2. Couples who ate eight or more servings of seafood a week took less time to achieve pregnancy than couples who ate less fish than this. I’m sorry, did you say eight servings a week? That is more than one seafood dish a day. There are whales that eat less fish than that. Crikey. Whilst we are bantering about fish, the book also recommends being cautious when eating fish with potentially high levels of mercury. Sounds sensible. My first though was, could I accidentally eat too much fish high in mercury? It seems unlikely for this reason…. Tilefish? What on earth is a tilefish? Are you sure that exists and isn’t a fictional species inserted to check if the reader is paying attention? And shark. Where does one even buy shark? Never have I have removed a tin of tuna from my shopping bag only to curse “Damn, I’ve picked up shark again. I wish they wouldn’t put the shark so close to the tuna. Every time. Every bloody time”.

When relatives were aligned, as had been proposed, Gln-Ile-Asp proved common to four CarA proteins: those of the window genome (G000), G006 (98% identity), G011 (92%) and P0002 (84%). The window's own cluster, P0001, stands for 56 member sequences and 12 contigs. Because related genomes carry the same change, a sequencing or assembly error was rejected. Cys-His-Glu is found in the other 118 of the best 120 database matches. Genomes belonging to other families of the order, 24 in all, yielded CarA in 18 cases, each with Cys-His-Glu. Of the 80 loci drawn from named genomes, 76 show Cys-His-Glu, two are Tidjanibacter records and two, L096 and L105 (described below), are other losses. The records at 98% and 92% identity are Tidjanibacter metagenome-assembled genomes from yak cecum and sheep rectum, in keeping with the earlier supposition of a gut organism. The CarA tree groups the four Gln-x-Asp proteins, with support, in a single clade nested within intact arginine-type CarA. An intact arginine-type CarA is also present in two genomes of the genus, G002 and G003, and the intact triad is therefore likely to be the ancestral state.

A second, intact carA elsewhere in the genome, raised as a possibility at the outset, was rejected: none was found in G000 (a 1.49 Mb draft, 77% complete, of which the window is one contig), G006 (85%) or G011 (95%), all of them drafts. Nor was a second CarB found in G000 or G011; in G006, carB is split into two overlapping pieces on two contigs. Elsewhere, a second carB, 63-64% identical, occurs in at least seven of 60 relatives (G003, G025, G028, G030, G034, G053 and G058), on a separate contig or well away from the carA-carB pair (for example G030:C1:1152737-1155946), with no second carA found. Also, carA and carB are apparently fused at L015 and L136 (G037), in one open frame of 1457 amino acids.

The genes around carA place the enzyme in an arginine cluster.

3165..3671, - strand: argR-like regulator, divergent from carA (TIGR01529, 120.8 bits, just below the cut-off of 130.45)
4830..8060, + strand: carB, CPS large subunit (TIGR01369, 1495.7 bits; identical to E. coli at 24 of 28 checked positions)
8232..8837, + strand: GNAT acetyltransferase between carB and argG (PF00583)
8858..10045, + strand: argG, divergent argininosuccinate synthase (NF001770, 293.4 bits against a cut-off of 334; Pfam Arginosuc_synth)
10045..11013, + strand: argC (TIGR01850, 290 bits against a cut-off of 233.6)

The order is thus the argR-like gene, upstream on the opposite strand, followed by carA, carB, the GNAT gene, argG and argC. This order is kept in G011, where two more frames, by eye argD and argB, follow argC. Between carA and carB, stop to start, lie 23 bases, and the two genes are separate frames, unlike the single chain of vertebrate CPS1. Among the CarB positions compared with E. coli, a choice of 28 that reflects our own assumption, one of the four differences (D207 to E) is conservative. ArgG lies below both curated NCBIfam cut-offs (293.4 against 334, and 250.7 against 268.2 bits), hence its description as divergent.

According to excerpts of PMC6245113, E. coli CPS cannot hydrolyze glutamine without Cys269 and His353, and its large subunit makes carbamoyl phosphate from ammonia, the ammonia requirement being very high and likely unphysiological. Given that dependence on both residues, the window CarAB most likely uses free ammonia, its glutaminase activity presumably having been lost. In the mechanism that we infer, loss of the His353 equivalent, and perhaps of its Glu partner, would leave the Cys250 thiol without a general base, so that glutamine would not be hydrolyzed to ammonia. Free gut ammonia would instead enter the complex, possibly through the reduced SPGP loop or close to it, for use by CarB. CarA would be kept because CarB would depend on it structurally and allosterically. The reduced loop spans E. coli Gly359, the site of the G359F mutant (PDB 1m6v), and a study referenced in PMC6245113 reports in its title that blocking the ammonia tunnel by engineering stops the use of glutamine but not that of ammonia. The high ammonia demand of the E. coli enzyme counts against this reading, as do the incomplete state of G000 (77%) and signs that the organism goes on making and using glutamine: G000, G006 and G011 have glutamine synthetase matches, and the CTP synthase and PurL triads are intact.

3. Daily tomato juice is the dogs bollocks for sperm health, improving motility and morphology. Why did I not know this before? Joe loves a bloody Mary when hungover. Maybe that’s something I can work with?

  4. Dairy - ah, dairy, you little trickster. A topic that continues to confuse and bewilder my plights for better health. Apparently the research indicates that low fat dairy, or skimmed milk, is on the whole (no milk pun intended) better for sperm health. This once again goes against my instincts of eating natural foods in their most natural form. I can hear Weston A Price turning in his grave. (He is dead isn’t he?! Yep, just checked. Ages ago. Not even close.)